A federal court Tuesday rejected a request for rehearing over Florida’s law prohibiting health care workers from asking about their patient’s firearms, lifting a long-standing injunction.
A Miami U.S. District Court in what became known popularly as the “Docs vs. Glocks” case blocked the Firearm Owners’ Privacy Act, signed into law by Gov. Rick Scott (R) after passage by the state legislature in 2011.
This sent the case to the U.S. Court of Appeals for the Eleventh Circuit in Atlanta, which last July handed down a 2-1 ruling reversing the lower court after finding, “the Act is a valid regulation of professional conduct that has only incidental effect on physicians’ speech.”
Not satisfied with the decision, a group of physician lobby organizations represented by the Brady Center to Prevent Gun Violence asked for en banc review by the full Circuit of the panel’s finding.
The court on Tuesday told the plaintiffs in the case of Wollschlaeger v. Governor of the State of Florida, no, and rejected the review in a 152-page ruling.
The court pointed out that Florida’s law does not absolutely prohibit doctors from speaking about firearms – for instance, it allows health care workers to ask questions if they feel they are directly relevant to the patient’s medical care or safety. Anything else, the panel reiterated in the same 2-1 decision they held last year, was improper.
“[T]he Act codifies the commonsense conclusion that good medical care does not require inquiry or record-keeping regarding firearms when unnecessary to a patient’s care – especially not when that inquiry or record-keeping constitutes such a substantial intrusion upon patient privacy,” wrote Circuit Judge Gerald Tjoflat, for the majority.
Tjoflat is longest serving federal appeals court judge still in active service, nominated by President Gerald Ford in 1975.
District Judge L. Scott Coogler, a President George W. Bush appointee, joined in the majority position while Circuit Judge Charles Wilson, a 1999 President Bill Clinton appointment, disagreed, calling the law an unconstitutional prohibition on free speech.
In a strong 74-page dissent, Wilson argued that the Florida law was not, as argued, about civil rights but about politics. He argued health care workers should be able to ask patients questions about their guns, and attempts to talk them out of firearm possession is free speech protected by the First Amendment.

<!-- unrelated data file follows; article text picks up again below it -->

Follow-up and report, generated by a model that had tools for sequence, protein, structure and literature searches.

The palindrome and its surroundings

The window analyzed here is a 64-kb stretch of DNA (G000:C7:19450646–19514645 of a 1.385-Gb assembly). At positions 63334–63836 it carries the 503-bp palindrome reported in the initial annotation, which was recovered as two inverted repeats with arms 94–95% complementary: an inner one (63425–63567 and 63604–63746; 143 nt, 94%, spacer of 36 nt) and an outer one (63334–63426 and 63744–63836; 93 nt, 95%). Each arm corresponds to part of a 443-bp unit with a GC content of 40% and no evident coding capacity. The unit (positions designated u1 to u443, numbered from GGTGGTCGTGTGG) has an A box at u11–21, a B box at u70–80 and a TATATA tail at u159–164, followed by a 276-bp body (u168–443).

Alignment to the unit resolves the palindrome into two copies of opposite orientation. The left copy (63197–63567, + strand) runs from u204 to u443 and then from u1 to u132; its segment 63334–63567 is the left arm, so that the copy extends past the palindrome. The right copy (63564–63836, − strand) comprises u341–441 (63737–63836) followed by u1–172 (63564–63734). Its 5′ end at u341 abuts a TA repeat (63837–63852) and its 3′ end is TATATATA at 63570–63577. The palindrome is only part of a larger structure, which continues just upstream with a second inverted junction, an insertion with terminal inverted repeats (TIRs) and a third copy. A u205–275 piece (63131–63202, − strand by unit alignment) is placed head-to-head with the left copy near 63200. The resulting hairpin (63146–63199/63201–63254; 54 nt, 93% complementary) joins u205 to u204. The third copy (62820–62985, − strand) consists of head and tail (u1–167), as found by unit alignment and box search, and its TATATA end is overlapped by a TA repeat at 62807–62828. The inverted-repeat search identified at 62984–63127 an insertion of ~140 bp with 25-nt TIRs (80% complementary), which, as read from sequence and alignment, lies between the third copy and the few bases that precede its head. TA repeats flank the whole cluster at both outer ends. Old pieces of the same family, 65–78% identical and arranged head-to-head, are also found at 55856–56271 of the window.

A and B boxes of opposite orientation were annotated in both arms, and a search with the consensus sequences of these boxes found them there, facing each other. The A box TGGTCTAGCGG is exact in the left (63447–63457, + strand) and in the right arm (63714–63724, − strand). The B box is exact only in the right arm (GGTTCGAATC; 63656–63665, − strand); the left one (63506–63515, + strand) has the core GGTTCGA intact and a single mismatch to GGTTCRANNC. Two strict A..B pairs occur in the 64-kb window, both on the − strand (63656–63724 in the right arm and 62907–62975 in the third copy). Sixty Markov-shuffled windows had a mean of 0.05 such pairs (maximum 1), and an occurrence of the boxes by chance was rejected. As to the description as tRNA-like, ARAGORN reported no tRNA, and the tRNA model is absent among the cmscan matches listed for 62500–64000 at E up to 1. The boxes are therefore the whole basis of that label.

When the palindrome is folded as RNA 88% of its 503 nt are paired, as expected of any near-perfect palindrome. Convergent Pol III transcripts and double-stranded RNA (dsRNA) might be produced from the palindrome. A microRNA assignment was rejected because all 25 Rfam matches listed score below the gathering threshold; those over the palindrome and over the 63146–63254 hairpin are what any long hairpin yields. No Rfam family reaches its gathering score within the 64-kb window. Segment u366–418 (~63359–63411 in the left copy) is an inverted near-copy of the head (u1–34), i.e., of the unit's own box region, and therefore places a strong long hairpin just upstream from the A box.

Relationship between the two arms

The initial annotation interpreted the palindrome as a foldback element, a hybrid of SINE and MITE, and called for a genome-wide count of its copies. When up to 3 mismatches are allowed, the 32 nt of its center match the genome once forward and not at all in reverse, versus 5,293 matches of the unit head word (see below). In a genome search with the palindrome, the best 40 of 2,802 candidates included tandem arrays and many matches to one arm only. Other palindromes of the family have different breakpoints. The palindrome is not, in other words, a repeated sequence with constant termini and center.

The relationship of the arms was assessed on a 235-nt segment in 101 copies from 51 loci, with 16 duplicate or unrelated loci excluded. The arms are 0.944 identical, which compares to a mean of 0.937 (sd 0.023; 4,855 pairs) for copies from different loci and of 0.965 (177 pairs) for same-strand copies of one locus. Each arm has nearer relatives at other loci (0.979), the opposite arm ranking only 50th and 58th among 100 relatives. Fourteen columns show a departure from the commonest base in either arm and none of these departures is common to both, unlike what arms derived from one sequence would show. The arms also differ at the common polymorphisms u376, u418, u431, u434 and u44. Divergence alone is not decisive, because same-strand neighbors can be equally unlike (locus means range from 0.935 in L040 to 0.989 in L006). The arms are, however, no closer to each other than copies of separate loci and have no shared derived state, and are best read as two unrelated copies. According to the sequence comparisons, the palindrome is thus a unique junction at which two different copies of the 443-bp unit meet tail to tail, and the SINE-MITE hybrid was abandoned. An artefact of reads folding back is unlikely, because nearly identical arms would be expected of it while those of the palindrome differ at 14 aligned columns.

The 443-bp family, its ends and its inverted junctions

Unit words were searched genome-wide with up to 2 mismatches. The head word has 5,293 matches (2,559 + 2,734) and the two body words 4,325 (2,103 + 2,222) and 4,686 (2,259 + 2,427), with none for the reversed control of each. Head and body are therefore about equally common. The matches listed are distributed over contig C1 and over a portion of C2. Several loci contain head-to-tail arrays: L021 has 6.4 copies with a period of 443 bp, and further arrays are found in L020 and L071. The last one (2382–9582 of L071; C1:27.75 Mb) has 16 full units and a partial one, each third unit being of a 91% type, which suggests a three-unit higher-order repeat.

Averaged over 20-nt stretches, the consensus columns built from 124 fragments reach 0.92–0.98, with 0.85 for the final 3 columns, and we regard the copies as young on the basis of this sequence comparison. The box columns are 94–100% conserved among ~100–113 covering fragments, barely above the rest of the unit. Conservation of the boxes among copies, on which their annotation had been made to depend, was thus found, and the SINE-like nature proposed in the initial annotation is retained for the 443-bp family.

“This law is not designed to protect Second Amendment rights because doctors have no authority – and have not used their private positions of power – to compel firearms owners to relinquish their weapons,” Wilson wrote. “This law is instead designed to stop a perceived political agenda, and it is difficult to conceive of any law designed for that purpose that could withstand First Amendment scrutiny.”
Gun rights advocates in Florida welcomed the news that the law enacted four years ago will finally be allowed to take effect.
“This decision is a big win for families who are tired of anti-gun politics in a doctors examining room,” Marion Hammer, president of the Unified Sportsmen of Florida and past president of the National Rifle Association, told Guns.com Tuesday. “We have said all along that this is not about the First Amendment, it’s about doctors providing medical care and not intruding in the privacy rights of gun owners.”
Hammer argues that guns are not a health care issue.
“We take our children to pediatricians for medical care, not moral judgment, or privacy intrusions – we go to address medical needs, not to be interrogated about gun ownership. The legislation is about helping families who are complaining about being questioned about gun ownership and the growing anti-gun political agenda being carried out in examination rooms by doctors and medical staffs,” Hammer said.
Guns.com reached out to the Brady Center for comment on possible further appeal to the Supreme Court, but did not receive a statement by time for publication.